• Compared with SPY (-19.3 days) in the period of the last 3 years, the maximum DrawDown of -23.9 days is lower, thus worse.

MaxDuration:

'The Drawdown Duration is the length of any peak to peak period, or the time between new equity highs. The Max Drawdown Duration is the worst (the maximum/longest) amount of time an investment has seen between peaks (equity highs). Many assume Max DD Duration is the length of time between new highs during which the Max DD (magnitude) occurred. But that isn’t always the case. The Max DD duration is the longest time between peaks, period. So it could be the time when the program also had its biggest peak to valley loss (and usually is, because the program needs a long time to recover from the largest loss), but it doesn’t have to be'

Using this definition on our asset we see for example:
  • Looking at the maximum days below previous high of 693 days in the last 5 years of Walmart, we see it is relatively higher, thus worse in comparison to the benchmark SPY (187 days)
  • Compared with SPY (139 days) in the period of the last 3 years, the maximum days below previous high of 340 days is greater, thus worse.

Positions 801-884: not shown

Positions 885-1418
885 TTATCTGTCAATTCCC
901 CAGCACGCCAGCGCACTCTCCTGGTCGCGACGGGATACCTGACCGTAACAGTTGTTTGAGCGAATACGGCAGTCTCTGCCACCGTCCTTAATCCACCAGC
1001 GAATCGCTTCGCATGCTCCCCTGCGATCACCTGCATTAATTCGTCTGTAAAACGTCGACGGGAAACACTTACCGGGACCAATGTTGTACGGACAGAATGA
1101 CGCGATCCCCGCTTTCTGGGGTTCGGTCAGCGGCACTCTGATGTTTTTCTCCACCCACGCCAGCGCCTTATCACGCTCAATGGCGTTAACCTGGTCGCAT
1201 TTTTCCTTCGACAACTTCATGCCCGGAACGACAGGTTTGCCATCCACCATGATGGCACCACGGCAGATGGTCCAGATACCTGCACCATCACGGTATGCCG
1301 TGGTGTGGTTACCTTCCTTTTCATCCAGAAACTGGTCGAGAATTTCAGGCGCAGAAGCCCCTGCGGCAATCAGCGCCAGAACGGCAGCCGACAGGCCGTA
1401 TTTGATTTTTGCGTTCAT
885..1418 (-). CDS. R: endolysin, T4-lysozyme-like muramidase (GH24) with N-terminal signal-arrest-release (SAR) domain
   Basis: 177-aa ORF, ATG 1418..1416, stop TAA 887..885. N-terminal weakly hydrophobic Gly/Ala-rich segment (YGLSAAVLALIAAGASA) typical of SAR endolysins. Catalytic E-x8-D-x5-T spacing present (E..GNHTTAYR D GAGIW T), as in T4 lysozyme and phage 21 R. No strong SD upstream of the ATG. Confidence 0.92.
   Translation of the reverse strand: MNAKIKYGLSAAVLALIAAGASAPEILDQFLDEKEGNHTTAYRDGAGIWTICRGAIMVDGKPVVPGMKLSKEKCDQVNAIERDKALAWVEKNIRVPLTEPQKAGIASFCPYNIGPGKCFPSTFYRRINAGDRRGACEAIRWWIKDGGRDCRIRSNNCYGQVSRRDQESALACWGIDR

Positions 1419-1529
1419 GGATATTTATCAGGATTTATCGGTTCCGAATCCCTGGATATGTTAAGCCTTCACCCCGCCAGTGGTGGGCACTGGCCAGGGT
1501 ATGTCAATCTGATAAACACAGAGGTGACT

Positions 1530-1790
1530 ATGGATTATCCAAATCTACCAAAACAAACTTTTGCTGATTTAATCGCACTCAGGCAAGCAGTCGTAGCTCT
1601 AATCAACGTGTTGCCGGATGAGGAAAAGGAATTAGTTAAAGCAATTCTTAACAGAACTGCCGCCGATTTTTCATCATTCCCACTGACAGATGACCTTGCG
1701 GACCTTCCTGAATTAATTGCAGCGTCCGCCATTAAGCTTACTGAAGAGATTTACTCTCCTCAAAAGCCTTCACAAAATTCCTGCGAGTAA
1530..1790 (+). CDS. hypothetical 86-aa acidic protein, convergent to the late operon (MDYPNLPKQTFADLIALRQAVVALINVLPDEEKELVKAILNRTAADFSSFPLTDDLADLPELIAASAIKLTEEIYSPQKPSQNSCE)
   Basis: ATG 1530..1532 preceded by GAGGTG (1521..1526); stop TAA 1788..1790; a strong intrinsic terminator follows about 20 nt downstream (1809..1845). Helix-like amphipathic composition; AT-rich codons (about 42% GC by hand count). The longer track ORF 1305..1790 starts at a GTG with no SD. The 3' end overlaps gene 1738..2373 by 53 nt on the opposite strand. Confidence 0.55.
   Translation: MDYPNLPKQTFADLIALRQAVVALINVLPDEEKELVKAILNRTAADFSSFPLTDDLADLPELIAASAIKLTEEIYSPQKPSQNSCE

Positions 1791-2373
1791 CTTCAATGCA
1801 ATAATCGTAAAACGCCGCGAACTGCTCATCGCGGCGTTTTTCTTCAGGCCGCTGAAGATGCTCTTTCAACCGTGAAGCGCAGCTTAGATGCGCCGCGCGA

AveDuration:

'The Drawdown Duration is the length of any peak to peak period, or the time between new equity highs. The Avg Drawdown Duration is the average amount of time an investment has seen between peaks (equity highs), or in other terms the average of time under water of all drawdowns. So in contrast to the Maximum duration it does not measure only one drawdown event but calculates the average of all.'

Which means for our asset as example:
  • The average days under water over 5 years of Walmart is 251 days, which is higher, thus worse compared to the benchmark SPY (42 days) in the same period.
  • Looking at average days under water in of 95 days in the period of the last 3 years, we see it is relatively higher, thus worse in comparison to SPY (36 days).

Performance of Walmart (YTD)

Historical returns have been extended using synthetic data.

Allocations of Walmart
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Allocations

Returns of Walmart (%)

  • Note that yearly returns do not equal the sum of monthly returns due to compounding.
  • Performance results of Walmart are hypothetical, do not account for slippage, fees or taxes, and are based on backtesting, which has many inherent limitations, some of which are described in our Terms of Use.